When you visit Hungary, you will definitely take note of it’s architecture. For a country at the intersection of three civilizations—Western Europe, Eastern Europe, and the Middle East—it’s remarkable that Hungary has managed to retain a distinct identity. At the same time, the marks of the region’s former empires have left their traces on Budapest’s physical and cultural landscape. The Ottomans built mosques and luxurious baths all over the Buda side, the Western side, of the Danube River for 150 years. Then, the Austrian Hapsburgs absorbed the entire Kingdom of Hungary, and, despite the Hungarians’ best efforts, maintained control until WWI. After WWII, the Communists rebuilt a largely leveled Budapest in their own image, complete with squat apartment buildings and monumental statues. While the occupations themselves were never welcome, the influences that came with them have helped to shape Budapest into a modern, cosmopolitan city. Read through the post below for a list of Budapest’s historical and architectural highlights you should be sure to check when you visit Hungary.
1. Tomb of Gül Baba and Rose Hill
The death of Suleiman the Magnificent’s poet-in-residence and comrade at the walls of Buda Castle cast a dark shadow over the Ottoman’s victory celebrations. His ornate and octagonal tomb, however, is a fitting tribute. The nearby rose gardens that give Rose Hill its name were said to have first been planted by the Ottomans during their stay in Buda’s most desirable neighborhood.
2. Király Baths
The city’s only siege-proof baths are a testament to Ottoman forward-thinking and Epicureanism. Soak in the spirit of the Ottomans as you relax in the thermal baths beneath 500-year-old domes. Experiencing history has never felt so relaxing; just make sure you’re going on the right gender-specific day.
3. Historical Museum of Budapest
Located in the Buda Palace, which has itself housed more than its share of foreign regimes, the Historical Museum contains numerous artifacts from the city’s not-so-welcome guests, including Turkish plates and silverware and dresses replicating the latest Vienna fashions. You’ll also find artifacts dating from the original imperialists, the Romans, and their settlement at Aquincum.
This structure was designed and built by the Hapsburgs after the failed revolution of 1848 as a reminder to the Hungarian people of who wore the pants along the Danube. Even after Budapest became a dual-capital, it took the Austrians until 1897 to vacate the Citadella, which remained vacant until World War II, when it was turned into an air-raid shelter. Skip the exhibit inside, but soak in the fantastic view of Pest.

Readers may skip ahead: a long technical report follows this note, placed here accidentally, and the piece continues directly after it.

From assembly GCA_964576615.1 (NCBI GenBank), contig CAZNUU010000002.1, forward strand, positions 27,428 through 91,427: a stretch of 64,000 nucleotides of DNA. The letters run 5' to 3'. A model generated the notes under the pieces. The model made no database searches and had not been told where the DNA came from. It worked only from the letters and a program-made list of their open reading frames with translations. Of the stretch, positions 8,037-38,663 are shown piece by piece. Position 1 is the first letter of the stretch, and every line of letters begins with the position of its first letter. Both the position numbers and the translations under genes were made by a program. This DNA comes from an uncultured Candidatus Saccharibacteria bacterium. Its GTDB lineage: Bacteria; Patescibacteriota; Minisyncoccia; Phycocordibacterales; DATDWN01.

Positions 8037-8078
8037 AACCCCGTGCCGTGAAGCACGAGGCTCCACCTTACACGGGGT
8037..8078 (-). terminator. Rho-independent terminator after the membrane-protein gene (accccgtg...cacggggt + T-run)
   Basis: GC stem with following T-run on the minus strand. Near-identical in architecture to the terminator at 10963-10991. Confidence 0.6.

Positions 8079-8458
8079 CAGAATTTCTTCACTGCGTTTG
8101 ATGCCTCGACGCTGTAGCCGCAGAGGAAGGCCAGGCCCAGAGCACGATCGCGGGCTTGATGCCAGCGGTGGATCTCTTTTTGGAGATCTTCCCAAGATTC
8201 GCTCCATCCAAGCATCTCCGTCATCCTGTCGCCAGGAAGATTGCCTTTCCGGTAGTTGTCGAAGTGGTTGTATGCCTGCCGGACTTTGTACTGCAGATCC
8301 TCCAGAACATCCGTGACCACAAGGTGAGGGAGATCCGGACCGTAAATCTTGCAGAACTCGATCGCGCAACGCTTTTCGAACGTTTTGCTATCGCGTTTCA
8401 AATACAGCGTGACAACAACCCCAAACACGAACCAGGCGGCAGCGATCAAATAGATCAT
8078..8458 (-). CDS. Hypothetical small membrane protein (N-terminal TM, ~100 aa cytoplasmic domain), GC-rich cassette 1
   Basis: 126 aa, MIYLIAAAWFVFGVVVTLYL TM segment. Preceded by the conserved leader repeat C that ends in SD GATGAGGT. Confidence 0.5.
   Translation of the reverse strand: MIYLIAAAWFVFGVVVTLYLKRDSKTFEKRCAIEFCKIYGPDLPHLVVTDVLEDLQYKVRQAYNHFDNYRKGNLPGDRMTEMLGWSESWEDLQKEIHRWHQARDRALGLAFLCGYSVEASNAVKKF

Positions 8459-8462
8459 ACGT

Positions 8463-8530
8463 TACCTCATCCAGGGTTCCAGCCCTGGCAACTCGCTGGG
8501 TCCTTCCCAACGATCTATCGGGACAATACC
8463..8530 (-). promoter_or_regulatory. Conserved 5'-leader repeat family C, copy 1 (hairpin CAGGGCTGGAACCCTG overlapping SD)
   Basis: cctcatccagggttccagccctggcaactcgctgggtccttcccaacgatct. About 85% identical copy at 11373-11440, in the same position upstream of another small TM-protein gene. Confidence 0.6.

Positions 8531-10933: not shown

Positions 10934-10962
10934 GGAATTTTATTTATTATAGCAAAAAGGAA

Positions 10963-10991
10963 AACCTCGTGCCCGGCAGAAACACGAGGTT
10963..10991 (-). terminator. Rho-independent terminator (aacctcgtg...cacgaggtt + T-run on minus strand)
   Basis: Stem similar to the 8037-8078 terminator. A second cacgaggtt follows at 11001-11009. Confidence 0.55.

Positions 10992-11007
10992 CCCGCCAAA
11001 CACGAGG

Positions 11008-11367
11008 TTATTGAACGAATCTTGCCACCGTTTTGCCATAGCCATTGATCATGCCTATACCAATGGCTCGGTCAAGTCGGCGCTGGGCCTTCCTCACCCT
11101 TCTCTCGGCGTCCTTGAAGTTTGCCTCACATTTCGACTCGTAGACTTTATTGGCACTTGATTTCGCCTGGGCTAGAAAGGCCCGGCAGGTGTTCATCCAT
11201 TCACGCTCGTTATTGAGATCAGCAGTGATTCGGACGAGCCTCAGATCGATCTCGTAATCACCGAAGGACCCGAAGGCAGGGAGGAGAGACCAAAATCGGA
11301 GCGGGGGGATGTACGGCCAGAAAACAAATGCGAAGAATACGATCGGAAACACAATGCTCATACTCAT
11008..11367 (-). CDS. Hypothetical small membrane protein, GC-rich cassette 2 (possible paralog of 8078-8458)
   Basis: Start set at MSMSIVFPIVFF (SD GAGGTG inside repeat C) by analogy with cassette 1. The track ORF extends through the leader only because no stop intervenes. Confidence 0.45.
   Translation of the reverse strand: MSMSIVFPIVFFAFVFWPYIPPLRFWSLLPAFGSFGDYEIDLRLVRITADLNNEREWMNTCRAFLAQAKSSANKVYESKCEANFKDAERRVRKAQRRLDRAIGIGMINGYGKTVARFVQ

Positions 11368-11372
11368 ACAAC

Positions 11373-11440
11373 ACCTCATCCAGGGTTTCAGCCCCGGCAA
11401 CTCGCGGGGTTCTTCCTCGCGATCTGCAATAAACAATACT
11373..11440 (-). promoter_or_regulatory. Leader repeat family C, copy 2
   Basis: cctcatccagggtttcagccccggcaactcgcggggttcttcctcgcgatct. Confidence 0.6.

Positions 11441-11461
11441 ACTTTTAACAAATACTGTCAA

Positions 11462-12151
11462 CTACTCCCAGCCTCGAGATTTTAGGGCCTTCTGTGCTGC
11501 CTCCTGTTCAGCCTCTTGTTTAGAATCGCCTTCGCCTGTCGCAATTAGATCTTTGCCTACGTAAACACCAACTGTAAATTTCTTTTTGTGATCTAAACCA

5. Chain Bridge
Double back to cross the Széchenyi Lánchíd (Széchenyi Chain Bridge), the first permanent Bridge across the Danube in Budapest. At the time of its construction, the bridge was the longest in the world and considered an architectural marvel. Though built under the Hapsburgs, the bridge became a symbol of growing Hungarian national consciousness. Just don’t believe that myth about the lions not having any tongues.
6. Hungarian State Opera House
Despite Emperor Franz Joseph’s stipulation that the new opera house in Budapest must be smaller than his beloved opera house at Vienna, the Hungarian-designed and built opera house is one of the city’s greatest cultural treasures. Even better, cheap student tickets let you have a taste of European culture at a fraction of the price you’d pay elsewhere.
7. Hummus Bar
While the Turks have been gone for more than 300 years, their culinary influence thankfully remains, though it’s largely confined to nonstop gyro stands (here usually called Török gyorsétterem or “Turkish fast food”). For those willing to look, the tiny Hummus Bar serves some of the best mashed chickpeas this side of Istanbul. If you can find a volume of Gül Baba’s collected poems, there’s no better place to get acquainted with them than on the softly padded upper floor of this popular Erzsébetváros eatery.
If there’s one thing the Hungarians are good at, it’s turning abandoned buildings into places to drink. Budapest’s youth live it up on top of an ugly, gray Communist-era building where most of their parents will remember waiting in long lines to buy light bulbs and underwear. The service elevator is the oldest in Hungary, and offers the truly impatient a chance to start drinking before they even get to the roof, thanks to a handy in-elevator cooler. If you have the fortune to be here on a warm summer night, grab a good seat and wait for the sunrise.
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